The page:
This has been one of the busiest summers of my life, with a lot of travelling and events, mainly related to the release of my novel. This has been a mixed blessing. In some ways, the blessing has been in the form of a shift in my attention to food, and my experience of eating out and staying at hotels and restaurants. But this blessing is also a curse, the double-edged sword of veganism rising out of the lake of personal tranquillity to slice through my illusions yet again. So, let’s start with home. With less time spent at home, and more pressure on my time, I’ve had to focus on easy and convenient meals a lot of the time. Last night, for example, after a weekend away, I had to come up with a quick dinner from the few vegetables in the fridge. I made vegetable fajitas. I fried sliced carrots, pepper, aubergine, onion, garlic and celery in rapeseed oil, and sprinkled on a vegan stock cube and some chilli powder. I cooked the veggies until they started to caramelised. Whilst they cooked, I made a quick coleslaw with vegan mayo – just grated carrot, onion and white cabbage. Then I made refried beans – I whizzed up a tin of borlottti beans with a tablespoon of tomato ketchup, half a veggie stock cube, and a little salt and powdered garlic, then cooked this in a saucepan over a low heat. I served everything with some tortilla wraps I had bought at a reduced price a while ago, and frozen – took just a minute to defrost – and some grated vegan cheese, with a dash of chilli sauce. It was quick and easy. Another go-to convenience food is soup. Whenever I make soup I end up with at least one portion in the freezer. A hot bowl of soup and some rye and seed crispreads topped with peanut butter, or vegan spread, or sliced tomatoes and olives, make a lovely meal. That’s what I had tonight – a spicy Thai-style broth with tofu, plenty of intense flavour and lots of veggies. My other quickie is lentil dahl. I fry lots of fresh garlic in coconut oil, add garam masala, lentils, boiling water, and simmer, stirring in a little veggie stock and curry powder. Then just before serving I add freshly chopped coriander and some fresh chopped garlic. Served on its own in a bowl with some bread, or a flatbread or pitta, or with some rice or couscous, this is quick, tasty and filling. I’ve been relying a lot on soup for lunches as well – either my own soup in a flask, or the instant Miso soups that I buy, usually with a bit of salad if I can manage it. I like the combination of cooked and raw. I like having something quick and easy that still delivers plenty of flavour. Soup goes a long, long way. It’s one of the most economical meals I know.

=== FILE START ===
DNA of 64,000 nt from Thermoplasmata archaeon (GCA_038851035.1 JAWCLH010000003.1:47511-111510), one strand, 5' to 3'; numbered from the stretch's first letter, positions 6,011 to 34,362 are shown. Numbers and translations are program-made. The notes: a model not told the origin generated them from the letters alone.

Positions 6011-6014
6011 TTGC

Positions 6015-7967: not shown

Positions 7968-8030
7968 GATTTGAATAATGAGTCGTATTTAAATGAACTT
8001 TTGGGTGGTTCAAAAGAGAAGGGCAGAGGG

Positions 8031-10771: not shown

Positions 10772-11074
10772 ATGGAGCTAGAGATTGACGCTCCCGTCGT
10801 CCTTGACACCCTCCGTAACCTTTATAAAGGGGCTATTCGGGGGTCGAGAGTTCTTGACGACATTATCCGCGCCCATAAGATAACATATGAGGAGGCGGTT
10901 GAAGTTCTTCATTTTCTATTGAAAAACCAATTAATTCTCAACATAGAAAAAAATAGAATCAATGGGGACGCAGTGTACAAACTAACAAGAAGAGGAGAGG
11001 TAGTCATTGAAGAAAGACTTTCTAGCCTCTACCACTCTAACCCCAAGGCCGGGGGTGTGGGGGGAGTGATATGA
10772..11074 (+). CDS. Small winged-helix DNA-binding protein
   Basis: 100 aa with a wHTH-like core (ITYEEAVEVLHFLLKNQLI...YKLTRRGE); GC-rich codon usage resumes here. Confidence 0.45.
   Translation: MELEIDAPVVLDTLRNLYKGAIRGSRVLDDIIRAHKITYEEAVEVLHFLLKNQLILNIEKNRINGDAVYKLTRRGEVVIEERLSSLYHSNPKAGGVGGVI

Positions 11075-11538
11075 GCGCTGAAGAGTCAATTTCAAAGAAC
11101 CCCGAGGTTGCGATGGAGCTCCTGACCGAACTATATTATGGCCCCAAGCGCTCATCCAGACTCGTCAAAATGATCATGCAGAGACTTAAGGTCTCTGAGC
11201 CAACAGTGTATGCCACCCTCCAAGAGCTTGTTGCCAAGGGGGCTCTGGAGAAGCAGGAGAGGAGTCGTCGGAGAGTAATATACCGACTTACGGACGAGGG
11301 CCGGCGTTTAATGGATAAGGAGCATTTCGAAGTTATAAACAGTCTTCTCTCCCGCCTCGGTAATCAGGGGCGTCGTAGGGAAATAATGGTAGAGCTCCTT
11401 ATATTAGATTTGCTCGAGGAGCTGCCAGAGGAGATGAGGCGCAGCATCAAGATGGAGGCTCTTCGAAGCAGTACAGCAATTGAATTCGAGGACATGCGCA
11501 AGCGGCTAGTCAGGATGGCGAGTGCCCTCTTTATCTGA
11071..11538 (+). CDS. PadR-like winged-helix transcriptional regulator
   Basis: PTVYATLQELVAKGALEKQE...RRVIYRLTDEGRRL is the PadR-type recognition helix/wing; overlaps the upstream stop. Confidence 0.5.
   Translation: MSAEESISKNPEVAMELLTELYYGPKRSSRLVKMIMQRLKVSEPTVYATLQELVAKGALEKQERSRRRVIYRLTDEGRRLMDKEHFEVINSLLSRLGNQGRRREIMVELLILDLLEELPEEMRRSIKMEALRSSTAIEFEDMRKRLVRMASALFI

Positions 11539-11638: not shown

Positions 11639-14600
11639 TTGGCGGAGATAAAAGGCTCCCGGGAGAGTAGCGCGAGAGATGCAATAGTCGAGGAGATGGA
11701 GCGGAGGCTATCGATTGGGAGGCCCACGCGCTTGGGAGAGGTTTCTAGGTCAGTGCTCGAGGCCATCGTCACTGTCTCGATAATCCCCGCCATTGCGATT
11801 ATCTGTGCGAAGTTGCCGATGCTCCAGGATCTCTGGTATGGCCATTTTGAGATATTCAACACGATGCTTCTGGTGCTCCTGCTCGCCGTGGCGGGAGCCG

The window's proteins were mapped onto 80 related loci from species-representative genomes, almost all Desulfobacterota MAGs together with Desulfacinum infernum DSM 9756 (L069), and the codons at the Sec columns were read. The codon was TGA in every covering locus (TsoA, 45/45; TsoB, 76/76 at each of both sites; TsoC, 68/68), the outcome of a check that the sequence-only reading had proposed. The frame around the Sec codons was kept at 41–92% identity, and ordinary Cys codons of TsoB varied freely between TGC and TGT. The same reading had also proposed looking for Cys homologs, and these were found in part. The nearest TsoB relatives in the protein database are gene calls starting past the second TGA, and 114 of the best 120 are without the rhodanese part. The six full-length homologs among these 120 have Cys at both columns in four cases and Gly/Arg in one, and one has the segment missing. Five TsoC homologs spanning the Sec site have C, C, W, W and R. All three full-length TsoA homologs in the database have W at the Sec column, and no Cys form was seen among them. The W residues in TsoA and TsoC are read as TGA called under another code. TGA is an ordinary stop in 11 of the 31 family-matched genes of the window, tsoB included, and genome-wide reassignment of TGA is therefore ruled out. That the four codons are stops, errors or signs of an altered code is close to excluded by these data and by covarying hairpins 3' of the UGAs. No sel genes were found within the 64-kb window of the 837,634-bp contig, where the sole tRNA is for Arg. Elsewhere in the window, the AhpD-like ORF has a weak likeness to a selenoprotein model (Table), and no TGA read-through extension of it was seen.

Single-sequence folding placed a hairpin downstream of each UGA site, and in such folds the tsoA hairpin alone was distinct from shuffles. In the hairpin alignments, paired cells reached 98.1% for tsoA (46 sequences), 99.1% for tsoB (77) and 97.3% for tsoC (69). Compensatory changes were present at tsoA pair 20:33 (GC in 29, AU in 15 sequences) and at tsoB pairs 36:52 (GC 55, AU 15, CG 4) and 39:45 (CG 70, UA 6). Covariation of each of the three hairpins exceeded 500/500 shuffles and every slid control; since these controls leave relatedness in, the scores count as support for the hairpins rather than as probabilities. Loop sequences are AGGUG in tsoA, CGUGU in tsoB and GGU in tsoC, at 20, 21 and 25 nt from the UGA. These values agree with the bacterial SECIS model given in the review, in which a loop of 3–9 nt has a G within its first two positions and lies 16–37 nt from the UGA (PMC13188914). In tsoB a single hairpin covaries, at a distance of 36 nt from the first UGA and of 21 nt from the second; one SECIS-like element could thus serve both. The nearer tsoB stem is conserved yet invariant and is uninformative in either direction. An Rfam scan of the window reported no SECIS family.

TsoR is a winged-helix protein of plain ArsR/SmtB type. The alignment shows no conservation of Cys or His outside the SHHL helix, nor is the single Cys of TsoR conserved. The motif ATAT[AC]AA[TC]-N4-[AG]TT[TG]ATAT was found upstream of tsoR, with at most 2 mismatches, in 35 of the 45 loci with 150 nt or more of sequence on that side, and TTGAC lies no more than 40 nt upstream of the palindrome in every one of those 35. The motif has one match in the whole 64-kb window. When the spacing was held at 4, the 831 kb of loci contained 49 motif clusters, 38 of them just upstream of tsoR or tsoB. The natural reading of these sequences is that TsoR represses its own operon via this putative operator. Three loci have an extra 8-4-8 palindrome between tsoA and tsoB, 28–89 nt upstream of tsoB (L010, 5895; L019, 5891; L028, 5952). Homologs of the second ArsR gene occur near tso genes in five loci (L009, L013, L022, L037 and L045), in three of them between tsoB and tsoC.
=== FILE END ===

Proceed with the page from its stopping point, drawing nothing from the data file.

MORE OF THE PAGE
So that’s the home bit. As for away . . . well it’s a mixed bag. We went for lunch to a nice Pub called the New Inn, near Plwmp in Pembrokeshire, where they had two vegan choices on the menu. I was quite excited about this, and ordered the vegan chilli, which I could have had with rice, or jacket potato. I also ordered a side salad. When the meal arrived, the portion was disappointingly small, a very small amount of chilli and a plain potato. The chilli was nice but not particularly spicy. It was definitely a rip off given how much they charge for the meal. In the evening, we went to the Ffynnone Arms in Newchapel, again, because they advertised vegan meals. I had a choice of a curry or a bean burger, and I went with the beanburger because I fancied some chips. It was a frozen burger, but with home made chips that were out of this world! There was a lot of salad in the bun, and it came with a homemade chutney that was delicious. The owner had a great interest in offering good vegan options, and also offered gluten-free and dairy free meals. It was a really pleasant experience eating there.
The place I stayed overnight was overpriced, but pleasant, and in a beautiful location. The breakfast was good enough – hash browns, mushrooms and tomatoes cooked separately – I was assured there would be no cross-contamination. But I was given only 1 sausage and the portion was a little small. Having said that, they did provide soya milk and vegan spread, and there was good, seeded bread for toast, and marmite and peanut butter available. So I did in fact have a really good meal and snagged a second sausage when they brought the others out in a dish on the breakfast buffet. The book festival I attended were also able to provide a vegan soup at lunch.
So there it is – a mixture of experiences. Mostly good. But I realised that when I started this blog, I was aiming to be an Economical Vegan, but at this point in time, I have become one, and my lifestyle, habits and preferences are changing over time. I have become very disillusioned about eating out, to the point that I would prefer to stay home and eat a bowl of soup rather than go to yet another disappointing experience. But at least this weekend has shown that it can be tolerable to be a vegan abroad, even if it is a risky undertaking.